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December 5, 2000
Saurav Ganguly's 16th ODI hundred coerced Zimbabwe into submission to give the hosts a 2-0 lead in the series at the Sardar Patel Gujarat Stadium in Motera. The visitors hardly assisted their own cause with an undistinguished display in the field. To compound their woes, the bowlers chose the occasion to spray 16 wides with reckless abandon as India raced to 306 with the match as good as won. In comparison to Ganguly's torrential effort, there was little to tickle the palate in Zimbabwe's reply. They did not remotely threaten to show an intent of pursuing their target, the eventual margin of defeat being 61 runs.
The crowds had thronged to Motera for India's first ODI at the venue in seven years and the fervour of the multitides was very much apparent. Roars of 'Ganapati Bappa Moriya' in salutation to the presiding deity of these parts rent the ground as the Indians set about the Zimbabwe attack. Having acquired the right to make first use of a placid wicket, Ganguly paced his innings to perfection, finding a willing collaborator in Rahul Dravid. The Indian skipper did not rate the 144 (152 balls, 8 fours, 6 sixes) his best innings, conceding that honour to his 153 against New Zealand at Gwalior last season.
Zimbabwean countenances grew increasingly forlorn after having savoured an early and isloated success when Sachin Tendulkar fell for eight. A Friend special that lifted disconcertingly off the wicket got a nibble through to Andy Flower. Tendulkar stood his ground waiting for umpire Hariharan to raise the finger and the TV replay suggested the ball may have brushed shirt sleeve rather than glove. However there was no noticeable diminishing of the crowd's ardour as Rahul Dravid joined the proceedings.
Early in his innings, the Indian skipper hadn't succeeded, often enough for his liking, in finding the gaps in the off side with his usual flourish. His resulting frustration was taken out on the spin troika of Murphy, Viljoen and Marillier. Ganguly's first fifty had six fours but no sixes. He rectified that defect spectacularly as the ball disappeared over the fence six times from then on. The 44th over of the innings, by Marillier, was the most punitive with 21 runs accruing from it. Dravid too showed positive intent right from his appearance in the middle. His running between the wickets was not the most assured but the runs kept accumulating steadily. The partnership was worth 175 when it was terminated by a smart piece of work by Streak. The Zimbabwe skipper threw down the stumps from midoff as Dravid ventured out of his crease in response to a powerful drive by Ganguly. His 62 (88 balls) included three fours.
Yuvraj Singh played an astonishing sweep off Marillier to third man, so wide an arc did his bat encompass. In the same over he was lucky to be given not out by Hariharan as the ball clipped his outside edge en route to Flower and he also survived a dropped chance before falling for a brisk 17. Sunil Joshi and Hemang Badani applied more salt into the gaping Zimbabwe wound with some late blows and the 300 came up in the final over of the innings. The last ball by Streak beat Andy Flower to go for four byes as India finished at 306/5, the last ten overs having produced a prohibitive 110.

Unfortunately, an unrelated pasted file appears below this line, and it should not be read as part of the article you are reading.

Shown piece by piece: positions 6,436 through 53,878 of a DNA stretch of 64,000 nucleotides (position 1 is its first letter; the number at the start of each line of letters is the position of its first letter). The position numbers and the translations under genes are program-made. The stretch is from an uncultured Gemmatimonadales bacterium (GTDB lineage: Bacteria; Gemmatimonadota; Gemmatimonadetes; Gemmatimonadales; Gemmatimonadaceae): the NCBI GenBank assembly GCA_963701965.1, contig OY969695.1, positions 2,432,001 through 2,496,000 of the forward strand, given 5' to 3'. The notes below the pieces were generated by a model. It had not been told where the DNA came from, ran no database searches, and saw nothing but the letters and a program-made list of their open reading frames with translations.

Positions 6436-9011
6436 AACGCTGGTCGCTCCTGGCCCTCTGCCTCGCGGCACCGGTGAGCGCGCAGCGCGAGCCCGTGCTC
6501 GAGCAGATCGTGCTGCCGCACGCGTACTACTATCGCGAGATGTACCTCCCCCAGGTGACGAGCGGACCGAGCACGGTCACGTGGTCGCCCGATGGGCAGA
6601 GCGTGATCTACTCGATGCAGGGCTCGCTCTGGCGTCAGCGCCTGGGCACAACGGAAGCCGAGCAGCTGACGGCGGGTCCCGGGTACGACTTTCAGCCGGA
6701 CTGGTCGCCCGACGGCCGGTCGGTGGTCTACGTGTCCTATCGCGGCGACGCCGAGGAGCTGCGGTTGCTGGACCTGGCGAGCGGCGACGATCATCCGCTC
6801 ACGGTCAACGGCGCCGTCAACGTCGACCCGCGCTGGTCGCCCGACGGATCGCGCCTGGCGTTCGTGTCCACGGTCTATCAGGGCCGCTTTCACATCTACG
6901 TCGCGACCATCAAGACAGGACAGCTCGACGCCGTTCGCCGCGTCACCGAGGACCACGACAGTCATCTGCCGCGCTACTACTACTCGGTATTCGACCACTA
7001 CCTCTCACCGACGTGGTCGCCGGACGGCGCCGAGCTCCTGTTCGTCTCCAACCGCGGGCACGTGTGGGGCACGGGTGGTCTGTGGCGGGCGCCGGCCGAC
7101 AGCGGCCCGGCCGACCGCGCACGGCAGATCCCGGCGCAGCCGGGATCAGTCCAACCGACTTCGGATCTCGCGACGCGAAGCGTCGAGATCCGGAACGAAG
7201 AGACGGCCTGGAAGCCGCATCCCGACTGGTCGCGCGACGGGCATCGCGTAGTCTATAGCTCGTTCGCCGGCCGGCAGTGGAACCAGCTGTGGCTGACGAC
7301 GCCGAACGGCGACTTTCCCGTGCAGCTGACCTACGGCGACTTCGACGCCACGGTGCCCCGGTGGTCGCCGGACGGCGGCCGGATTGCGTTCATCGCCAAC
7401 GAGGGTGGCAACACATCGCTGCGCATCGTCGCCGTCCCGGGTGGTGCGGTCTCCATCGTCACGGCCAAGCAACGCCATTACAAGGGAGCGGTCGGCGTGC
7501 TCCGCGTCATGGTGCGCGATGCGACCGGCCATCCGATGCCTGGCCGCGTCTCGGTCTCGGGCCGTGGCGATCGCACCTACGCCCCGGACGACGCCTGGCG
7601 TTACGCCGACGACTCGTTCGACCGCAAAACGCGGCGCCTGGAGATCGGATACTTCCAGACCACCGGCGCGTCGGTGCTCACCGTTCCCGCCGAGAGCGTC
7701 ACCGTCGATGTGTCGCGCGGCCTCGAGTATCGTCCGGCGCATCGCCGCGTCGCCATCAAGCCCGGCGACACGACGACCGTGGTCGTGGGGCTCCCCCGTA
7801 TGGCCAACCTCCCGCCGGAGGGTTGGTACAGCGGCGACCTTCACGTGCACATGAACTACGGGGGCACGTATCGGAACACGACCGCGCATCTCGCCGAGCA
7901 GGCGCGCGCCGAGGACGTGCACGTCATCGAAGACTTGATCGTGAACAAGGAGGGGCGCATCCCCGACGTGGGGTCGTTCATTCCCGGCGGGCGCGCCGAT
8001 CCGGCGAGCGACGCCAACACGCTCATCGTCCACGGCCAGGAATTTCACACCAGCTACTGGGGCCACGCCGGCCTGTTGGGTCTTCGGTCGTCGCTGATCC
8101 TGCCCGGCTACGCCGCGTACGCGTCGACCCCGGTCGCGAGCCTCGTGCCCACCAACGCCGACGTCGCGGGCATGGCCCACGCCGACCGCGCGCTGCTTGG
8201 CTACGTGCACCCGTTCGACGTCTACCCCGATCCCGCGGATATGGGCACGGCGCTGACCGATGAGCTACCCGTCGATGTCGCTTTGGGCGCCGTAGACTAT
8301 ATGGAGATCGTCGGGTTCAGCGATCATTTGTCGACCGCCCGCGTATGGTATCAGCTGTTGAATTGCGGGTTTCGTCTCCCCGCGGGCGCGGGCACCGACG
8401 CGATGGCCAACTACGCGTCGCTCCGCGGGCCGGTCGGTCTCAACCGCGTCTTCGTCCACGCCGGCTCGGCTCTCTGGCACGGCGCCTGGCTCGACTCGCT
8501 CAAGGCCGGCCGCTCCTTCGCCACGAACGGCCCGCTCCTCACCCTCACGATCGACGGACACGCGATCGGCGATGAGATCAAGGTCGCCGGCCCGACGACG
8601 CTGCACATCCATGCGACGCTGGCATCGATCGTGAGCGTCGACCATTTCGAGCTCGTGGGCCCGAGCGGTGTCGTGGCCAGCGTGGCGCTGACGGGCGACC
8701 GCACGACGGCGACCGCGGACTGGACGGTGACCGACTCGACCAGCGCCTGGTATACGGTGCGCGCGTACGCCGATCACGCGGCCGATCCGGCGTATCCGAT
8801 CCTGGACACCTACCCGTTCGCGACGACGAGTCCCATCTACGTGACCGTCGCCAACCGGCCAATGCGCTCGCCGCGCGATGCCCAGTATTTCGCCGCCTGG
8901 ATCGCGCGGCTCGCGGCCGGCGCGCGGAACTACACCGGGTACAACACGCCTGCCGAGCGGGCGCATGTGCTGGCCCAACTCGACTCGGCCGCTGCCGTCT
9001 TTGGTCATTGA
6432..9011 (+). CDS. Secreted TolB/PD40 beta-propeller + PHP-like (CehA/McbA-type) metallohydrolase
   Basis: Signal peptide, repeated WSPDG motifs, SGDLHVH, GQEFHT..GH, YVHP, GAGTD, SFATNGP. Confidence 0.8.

The loss of two early wickets never really gave Zimbabwe any sort of foundation from which to make a spring. Marillier who suffered the agony of conceding 44 runs in five overs with the ball had his off stump tilted back while playing an expansive shot across the line. Zaheer produced a vicious incutter to send back Carlisle who had potered around for 25 balls to make a solitary run. Although Campbell had begun aggressively with three boundaries in the first four overs of the innings, these twin blows had the effect of curbing his intensity.
Tendulkar was brought on in the 13th over and his off spinners received good purchase with immediate effect. Having made 32 (38 balls), Campbell failed to negotiate a Tendulkar delivery that spun across the face of his bat to give Rahul Dravid at slip a simple catch. Andy Flower unleashed a couple of patented reverse sweeps off Tendulkar that sped to the boundary and a man was soon stationed at fine leg to freeze that scoring stroke. His brother Grant did not keep him company for long, being caught at point in Sunil Joshi's second over.
Sridharan Sriram who did not get to bat despite five Indian wickets falling, showed that he could be a handy customer with the ball. Although Vijay Dahiya fluffed a stumping in his first over to relieve Andy Flower, Sriram did have the satisfaction of snaring the prize wickets of Guy Whittall and Andy Flower in successive overs. Hemang Badani and Yuvraj Singh both got to test out their skills with the ball, taking the count of left arm spinners used by India to four. Flower and Heath Streak top scored with 51 apiece and Sriram finished with a haul of 3/47 as the proceedings limped to their inevitable but desultory end.
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